Taking ownership of our place.
I know, I know. You have a job, you pay your bills, you may even have a family with kids, and pets, and a car with great mileage. You feel all grown up. You are proud of all that, and yes, you should, they all sound like great accomplishments. It’s ok. Most people believe that all of those things are the meaning of being an adult. I know a lot of people who resent it and long for the days when there were no responsibilities, when they were kids with no worries about anything except maybe the bad grade on a paper. You can see all over their Facebook walls and twitter posts, quotes like “don’t you wish you could go back to when everything was simple?” (background with kids playing in a meadow at sunset). Still, they are now responsible “adults”.
I was one of them, not so long ago, minus the yearning. I actually wanted to grow up and pay for my stuff, have a career, travel, study abroad, maybe even a husband; kids…not so much, but I really, really looked forward to all that and it happened (minus the husband and the not so much kids), but something was off. The “off” thing kept growing as the years went by. I could not put my finger on it, I wanted more, I wanted to be happy for me, not because I had a good job, or a good family, or nice clothes. I realized I did want to share my life with someone but I wasn’t ready; I liked my job, but I’d complaint about where I worked so I didn’t really enjoy it.
Lots of people comfort themselves with the proverbial “you can’t have it all”. It’s amazing how well programmed we all are to be convinced that we better settle for what we “have”, and that the “having” is the source of happiness. Thankfully, I met someone who was kind enough to show me (not tell me) a different perspective: I thought I was an adult, but I was really facing life as a child. As a teenager, actually. I was out of place. When you’re standing in your place, your rightful place, the way you look, evaluate and appreciate everything is completely different. Things that seemed really complicated become easy and you find the inner strength to face all kinds of situations. The “showing” part I cannot explain, but I can tell you the clues: if you blame your parents for anything that’s going on in your “adult” life, if you think you know better than them and lecture them on anything and/or everything, if you think they owe you something, if you feel they have to explain themselves to you for the choices they made or if you feel you have the right to criticize the choices they make now about their lives, if you think they should do things your way because it’s better, or safer or whatever you want to call it. If your answer is yes to at least one of those, you are not standing in your place.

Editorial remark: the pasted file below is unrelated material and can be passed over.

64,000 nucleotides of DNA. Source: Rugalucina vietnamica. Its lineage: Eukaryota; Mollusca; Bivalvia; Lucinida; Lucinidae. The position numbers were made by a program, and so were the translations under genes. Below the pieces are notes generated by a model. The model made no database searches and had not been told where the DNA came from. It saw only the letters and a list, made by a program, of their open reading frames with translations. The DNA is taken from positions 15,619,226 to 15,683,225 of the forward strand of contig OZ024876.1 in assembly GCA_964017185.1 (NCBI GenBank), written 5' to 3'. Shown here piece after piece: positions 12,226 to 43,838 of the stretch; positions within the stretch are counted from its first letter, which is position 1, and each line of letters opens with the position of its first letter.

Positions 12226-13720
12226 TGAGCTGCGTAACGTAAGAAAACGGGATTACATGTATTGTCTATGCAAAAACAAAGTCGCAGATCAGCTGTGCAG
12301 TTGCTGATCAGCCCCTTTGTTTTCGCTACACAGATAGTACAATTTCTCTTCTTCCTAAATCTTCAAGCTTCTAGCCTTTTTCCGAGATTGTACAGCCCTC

So, what can you do? it’s easy for some and incredibly hard for others. It may take a long time and you may need the support of others to do it. Here it goes: leave your parents be and move on. Remember: they got here before you and that makes them bigger than you. You are alive because they made that choice. They could have gotten rid of you but they did not and now as an adult you can choose to do whatever you want with your life. You do not have the right to judge them for any of their choices, they are different people, who have lived under very different circumstances. LET IT GO, GROW UP! It makes a world of difference.
Important note: in some cases, especially in cases of abuse of any kind, this needs to be looked at separately, so if you were a victim of abuse or there is a history of abuse in your family, letting go may take a lot more than just making a conscious choice, but it’s possible with the right support.
Try this exercise: In complete silence stand up, imagine that your parents are in front of you, looking at you, your mom is standing on the left side of your dad. Breathe deeply and identify any feelings that come or any sensations in your body. Just stand there for a few minutes and be aware of what happens, even if you feel nothing. Also, be aware of how you see them: tall, short, are they smiling? are they serious? do you need to take some distance? can you see them at all? It’s ok if you cannot do the exercise. It sounds simple but for some people it’s hard, don’t push it. Maybe later you can try again. Take your time.